At the World Social Forum in Porte Alegre, for example, they carried signs that said ‘Vive la intifada mundial.’ They don’t know anything about the intifada, all they think they know is that Israelis killed Palestinians and that Jews of the past are not the Jews of today so they don’t have a claim to the state of Israel.
Is there a distinction between Judaism and Zionism?
Judiasim is composed of its own trinity — people, book, land. Every day, Jews pray for Jerusalem. Every year, at Passover, we say ‘Next year in Jerusalem.’ Every time you pray for your dead, you turn in the direction of Jerusalem. Zionism as a political movement is a late use of the word ‘Zion.’ You can’t split Zionism from Judaism, it’s just good camouflage.
Anti-Semitism is on the rise in Argentina, according to reports. What’s the future like for Jews in Argentina?
If this government is insensitive to Jewish issues, if the whole question of what was called the Memorandum [of Understanding, signed with Iran in 2013, under theCristina Fernández de Kirchner administration] comes back, then I think it will be a Jewish issue with very broad repercussions for the general public.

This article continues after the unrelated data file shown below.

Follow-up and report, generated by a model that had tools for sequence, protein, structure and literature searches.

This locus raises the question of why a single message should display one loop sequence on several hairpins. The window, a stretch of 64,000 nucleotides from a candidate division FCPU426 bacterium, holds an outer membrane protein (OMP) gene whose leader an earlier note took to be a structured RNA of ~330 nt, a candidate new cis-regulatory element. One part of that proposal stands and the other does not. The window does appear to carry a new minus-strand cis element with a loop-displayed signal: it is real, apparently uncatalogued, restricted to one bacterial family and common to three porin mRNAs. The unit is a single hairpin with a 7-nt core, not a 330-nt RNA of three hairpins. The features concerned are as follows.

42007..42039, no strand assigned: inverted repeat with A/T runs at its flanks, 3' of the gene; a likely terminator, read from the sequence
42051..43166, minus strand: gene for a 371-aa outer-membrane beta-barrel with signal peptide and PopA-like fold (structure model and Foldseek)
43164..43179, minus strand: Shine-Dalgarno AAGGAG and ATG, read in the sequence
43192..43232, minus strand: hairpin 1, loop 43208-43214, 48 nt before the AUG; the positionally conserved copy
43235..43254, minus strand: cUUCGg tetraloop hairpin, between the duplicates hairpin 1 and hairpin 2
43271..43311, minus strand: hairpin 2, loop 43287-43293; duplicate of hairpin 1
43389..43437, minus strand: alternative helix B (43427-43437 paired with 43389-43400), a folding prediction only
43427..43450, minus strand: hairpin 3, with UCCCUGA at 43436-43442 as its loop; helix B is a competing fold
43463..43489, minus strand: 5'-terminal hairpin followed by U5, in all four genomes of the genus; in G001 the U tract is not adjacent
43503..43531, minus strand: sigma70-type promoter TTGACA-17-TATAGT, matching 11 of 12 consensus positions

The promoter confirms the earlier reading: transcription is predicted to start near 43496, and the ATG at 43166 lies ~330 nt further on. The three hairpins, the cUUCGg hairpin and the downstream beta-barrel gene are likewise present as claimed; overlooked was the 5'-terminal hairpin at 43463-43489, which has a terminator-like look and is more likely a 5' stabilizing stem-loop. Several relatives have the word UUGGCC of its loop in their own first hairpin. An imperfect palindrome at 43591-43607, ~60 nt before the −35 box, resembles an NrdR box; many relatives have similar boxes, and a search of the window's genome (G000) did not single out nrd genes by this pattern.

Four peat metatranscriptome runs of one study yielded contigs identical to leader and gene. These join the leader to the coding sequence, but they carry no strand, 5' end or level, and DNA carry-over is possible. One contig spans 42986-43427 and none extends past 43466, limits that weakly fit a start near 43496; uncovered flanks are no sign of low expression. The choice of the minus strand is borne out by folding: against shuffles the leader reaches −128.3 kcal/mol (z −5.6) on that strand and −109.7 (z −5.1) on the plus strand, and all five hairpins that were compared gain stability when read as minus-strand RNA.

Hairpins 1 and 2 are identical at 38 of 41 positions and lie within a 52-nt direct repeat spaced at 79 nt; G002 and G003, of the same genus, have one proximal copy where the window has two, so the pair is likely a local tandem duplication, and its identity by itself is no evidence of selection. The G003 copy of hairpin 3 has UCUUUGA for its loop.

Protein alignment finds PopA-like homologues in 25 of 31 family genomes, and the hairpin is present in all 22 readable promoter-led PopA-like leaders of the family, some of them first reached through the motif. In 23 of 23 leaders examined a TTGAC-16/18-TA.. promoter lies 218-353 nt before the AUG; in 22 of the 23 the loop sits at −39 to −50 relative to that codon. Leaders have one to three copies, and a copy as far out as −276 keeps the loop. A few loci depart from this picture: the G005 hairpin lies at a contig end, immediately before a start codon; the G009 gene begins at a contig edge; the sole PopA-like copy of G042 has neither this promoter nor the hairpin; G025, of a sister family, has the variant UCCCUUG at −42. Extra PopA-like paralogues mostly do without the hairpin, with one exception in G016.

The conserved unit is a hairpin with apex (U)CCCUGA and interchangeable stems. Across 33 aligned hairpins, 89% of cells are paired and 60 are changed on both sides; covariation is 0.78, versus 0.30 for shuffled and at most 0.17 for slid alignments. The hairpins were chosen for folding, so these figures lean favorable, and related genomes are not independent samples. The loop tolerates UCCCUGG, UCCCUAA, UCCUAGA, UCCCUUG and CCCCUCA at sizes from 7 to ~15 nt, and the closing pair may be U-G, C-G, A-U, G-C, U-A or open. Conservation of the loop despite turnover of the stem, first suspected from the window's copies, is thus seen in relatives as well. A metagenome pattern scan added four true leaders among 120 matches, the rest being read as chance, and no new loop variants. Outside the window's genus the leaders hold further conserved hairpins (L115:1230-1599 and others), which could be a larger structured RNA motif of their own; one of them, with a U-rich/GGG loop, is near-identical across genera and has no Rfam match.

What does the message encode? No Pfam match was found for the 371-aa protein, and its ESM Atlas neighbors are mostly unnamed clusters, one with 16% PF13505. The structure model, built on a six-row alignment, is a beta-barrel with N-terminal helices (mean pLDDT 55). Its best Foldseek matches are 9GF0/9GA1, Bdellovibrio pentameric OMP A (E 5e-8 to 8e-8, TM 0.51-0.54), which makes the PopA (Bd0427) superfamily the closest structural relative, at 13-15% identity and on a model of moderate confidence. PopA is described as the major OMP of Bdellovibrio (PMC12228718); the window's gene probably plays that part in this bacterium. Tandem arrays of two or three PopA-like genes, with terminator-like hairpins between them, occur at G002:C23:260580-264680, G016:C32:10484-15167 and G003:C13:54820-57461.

I don’t like to pre-judge any government, and I’m not Argentine. But I have been coming here since 1967, and I’m married to an Argentine. It’s a country that I admire. But, on the other hand, Argentina is in danger. Just like Chile is in danger because of demographics. But, in Argentina it’s not a question of demographics, but of ideology. The ideology is pseudo-Peronism.
But I think that there is grave concern in the international community.
Has the global community taken a wrong turn in teaching the Holocaust?
There’s a divide between those who look at the Holocaust with a view of universality versus particularity. Should it stand alone as one of the most serious forms of genocide or should it stand in a series of genocides?
Many universities or institutes are moving to the latter and true witnesses — survivors — are passing. When this goes into history, the lessons are surely there, but I don’t know what the answer is.
Then, with the teaching of the Holocaust, it’s become politicised. For example, in France, teaching the inter-war period is mandated, not the Holocaust. Why? In schools with high density of young Muslims, they don’t want to hear that, and the French went along with that.